If you want to make the change permanent with all kernels, edit


and add vmalloc=256M to the end of

linux   ${rel_dirname}/${basename} root=${linux_root_device_thisversion} ro ${args}

see also the Nvidia driver release notes

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ref: -0 tags: openGL GLEW extensions nvidia Cg Linux date: 12-03-2010 23:47 gmt revision:0 [head]

http://www.gamedev.net/community/forums/topic.asp?topic_id=432583 -- bump, it helped me solve a problem with cgGLGetLatestProfile() failing!! (the class I was using to examine openGL extensions was writing to the openGL supplied string)

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ref: notes-0 tags: usbmon decode chart linux debug date: 07-12-2010 03:29 gmt revision:3 [2] [1] [0] [head]

From this and the USB 2.0 spec, I made this quick (totally incomprehensible?) key for understanding the output of commands like

# mount -t debugfs none_debugs /sys/kernel/debug
# modprobe usbmon
# cat /sys/kernel/debug/usbmon/2u

To be used with the tables from the (free) USB 2.0 spec:

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ref: -0 tags: linux keyboard international characters symbols date: 10-01-2009 14:09 gmt revision:1 [0] [head]

Need to type international symbols and characters on your keyboard, e.g. for writing in another language? Do this:

 cp /usr/share/X11/locale/en_US.UTF-8/Compose ~/.XCompose 
xmodmap -e 'keycode 115 = Multi_key  Multi_key  Multi_key  Multi_key'
xmodmap -e 'keycode 116 = Multi_key  Multi_key  Multi_key  Multi_key'

Where 115 and 116 are the windows keys on my keyboard. (You can find this out for your keyboard by running 'xev');


  • <windows key> s s -> ß ("Wie heiße du?")
  • <windows><shift><~> a -> ã ("Eles estão bons")
  • <windows><shift><"> u -> ü ("Bücher")
  • <windows><,> c -> ç ("almoço")
  • <windows><=> c -> € ("Custa-la €2")


And now for something completely unrelated but highly amusing, at least in title: Optimal Brain Damage

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ref: -0 tags: convert m4b to mp3 linux date: 09-11-2009 17:16 gmt revision:0 [head]

Recently I got an audiobook in m4b format, but I wanted to play it on my mp3 (only!) device. So, had to convert it. To do this, on my Debian Lenny box I first:

 apt-get install ffmpeg libmp3lame30 libfaad0 libavcodec51 

The last one seems to be the most important, nothing works even though libavcodec51 wold seem to have nothing to do with mp3 encoding... Then used a bash script:

for i in *.m4b; do
        ffmpeg -i "$i" -acodec libmp3lame "${i%m4b}mp3";

to convert all the m4b files in a directory. Later, I used easytag to add tags to the mp3s so they would show up properly on the device {770}. Simplest way to get this to work was to just change the name of the containing folder to Artist - Title; didn't want to manually change the tags on all the mp3's, and I didn't find a 'apply all' button.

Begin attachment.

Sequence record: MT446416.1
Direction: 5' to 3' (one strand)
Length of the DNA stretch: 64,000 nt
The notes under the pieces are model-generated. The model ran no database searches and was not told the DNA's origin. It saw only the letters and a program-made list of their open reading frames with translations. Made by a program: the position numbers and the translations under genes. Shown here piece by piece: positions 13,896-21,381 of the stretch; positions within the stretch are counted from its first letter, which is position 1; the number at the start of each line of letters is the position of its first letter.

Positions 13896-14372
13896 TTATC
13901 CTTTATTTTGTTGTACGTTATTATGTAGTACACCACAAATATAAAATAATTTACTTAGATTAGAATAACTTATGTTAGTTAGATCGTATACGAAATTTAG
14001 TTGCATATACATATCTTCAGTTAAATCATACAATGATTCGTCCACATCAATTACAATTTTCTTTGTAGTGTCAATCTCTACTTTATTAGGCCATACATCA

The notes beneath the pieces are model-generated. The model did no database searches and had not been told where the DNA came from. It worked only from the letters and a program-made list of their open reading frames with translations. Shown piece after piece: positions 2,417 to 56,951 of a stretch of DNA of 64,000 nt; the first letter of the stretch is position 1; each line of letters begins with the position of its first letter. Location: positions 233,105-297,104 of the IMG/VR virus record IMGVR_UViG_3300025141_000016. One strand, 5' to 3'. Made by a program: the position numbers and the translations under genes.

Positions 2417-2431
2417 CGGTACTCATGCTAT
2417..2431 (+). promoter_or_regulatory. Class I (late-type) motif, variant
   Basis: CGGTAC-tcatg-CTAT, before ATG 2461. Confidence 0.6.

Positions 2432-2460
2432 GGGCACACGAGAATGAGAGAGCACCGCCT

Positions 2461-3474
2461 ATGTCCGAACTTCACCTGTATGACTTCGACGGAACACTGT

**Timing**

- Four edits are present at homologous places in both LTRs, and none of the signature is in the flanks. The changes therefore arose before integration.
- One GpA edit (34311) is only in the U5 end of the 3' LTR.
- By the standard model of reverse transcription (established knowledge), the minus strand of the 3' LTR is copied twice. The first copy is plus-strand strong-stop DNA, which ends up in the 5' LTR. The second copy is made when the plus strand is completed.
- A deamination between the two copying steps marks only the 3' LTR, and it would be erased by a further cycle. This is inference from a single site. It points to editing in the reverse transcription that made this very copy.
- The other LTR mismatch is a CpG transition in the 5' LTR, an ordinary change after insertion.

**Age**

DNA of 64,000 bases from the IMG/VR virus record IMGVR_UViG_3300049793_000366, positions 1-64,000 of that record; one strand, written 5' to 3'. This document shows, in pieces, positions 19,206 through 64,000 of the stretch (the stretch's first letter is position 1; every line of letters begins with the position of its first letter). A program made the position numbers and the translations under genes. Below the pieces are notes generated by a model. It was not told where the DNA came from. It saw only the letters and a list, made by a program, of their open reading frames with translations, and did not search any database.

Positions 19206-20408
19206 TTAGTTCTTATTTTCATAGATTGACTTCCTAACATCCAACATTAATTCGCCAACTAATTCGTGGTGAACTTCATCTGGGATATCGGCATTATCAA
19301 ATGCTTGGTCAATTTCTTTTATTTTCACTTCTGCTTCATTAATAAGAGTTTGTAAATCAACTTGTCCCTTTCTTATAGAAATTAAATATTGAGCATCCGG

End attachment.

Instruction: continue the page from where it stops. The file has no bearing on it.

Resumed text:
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ref: notes-0 tags: linux rsync date: 06-17-2008 17:36 gmt revision:2 [1] [0] [head]

simple backups to an external usb disk:

rsync --verbose --progress --stats --recursive --times --perms --links --del --ignore-errors /home/tlh24/ /media/usb0/


  • the --del flag tells rsync to delete files in the target prior to writing them, not to delete the source files.
  • --times tells rsync to preserve file modification times.
  • for the --ignore-errors, see: http://lists.samba.org/archive/rsync/2004-June/009891.html - I was getting an IO error when trying to copy ~/.dbus etc.
  • otherwise, it's just rsync <options> <source> <dest> or so.

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ref: bookmark-0 tags: blackfin BF537 uClinux webserver USB2 vmware date: 11-21-2007 22:32 gmt revision:0 [head]

http://www.camsig.co.uk/ -- blackfin is hot like chernobyl. 1" sq 600mhz webserver etc.

  • uses NET2272 high-speed USB-2.0 peripheral from PLX technology.
  • has a 10/100 ethernet mac w/o magnetics
  • 99 GBP
  • specsheet - no power consumption figures
  • attaches with a rubberized compression connector - no solder required!
  • Develop programs with a VMware virtual appliance (openSuSE 10.2) - brilliant! (though the download is HUGE ... and hosted by amazon)

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ref: notes-0 tags: blackfin LED kernel module linux BF537 STAMP tftp BF537 bridge date: 11-13-2007 17:59 gmt revision:4 [3] [2] [1] [0] [head]

so, you want to control the LEDs on a BF537-STAMP board? You'll need a linux box with a serial port, then will need to do a few things:

  1. get the blackfin build tools:
    1. download the RPM file from blackfin.uclinux.org and use alien (if you are on debian, like me) to install it.
    2. installation instructions
  2. get uClinux distribution and compile it. http://blackfin.uclinux.org/gf/project/uclinux-dist/frs/
    1. unpack it to a local directory
    2. 'make menuconfig'
    3. select your vendor & device
    4. make sure runtime module loading is enabled.
    5. 'make' (it takes much less time than the full linux kernel)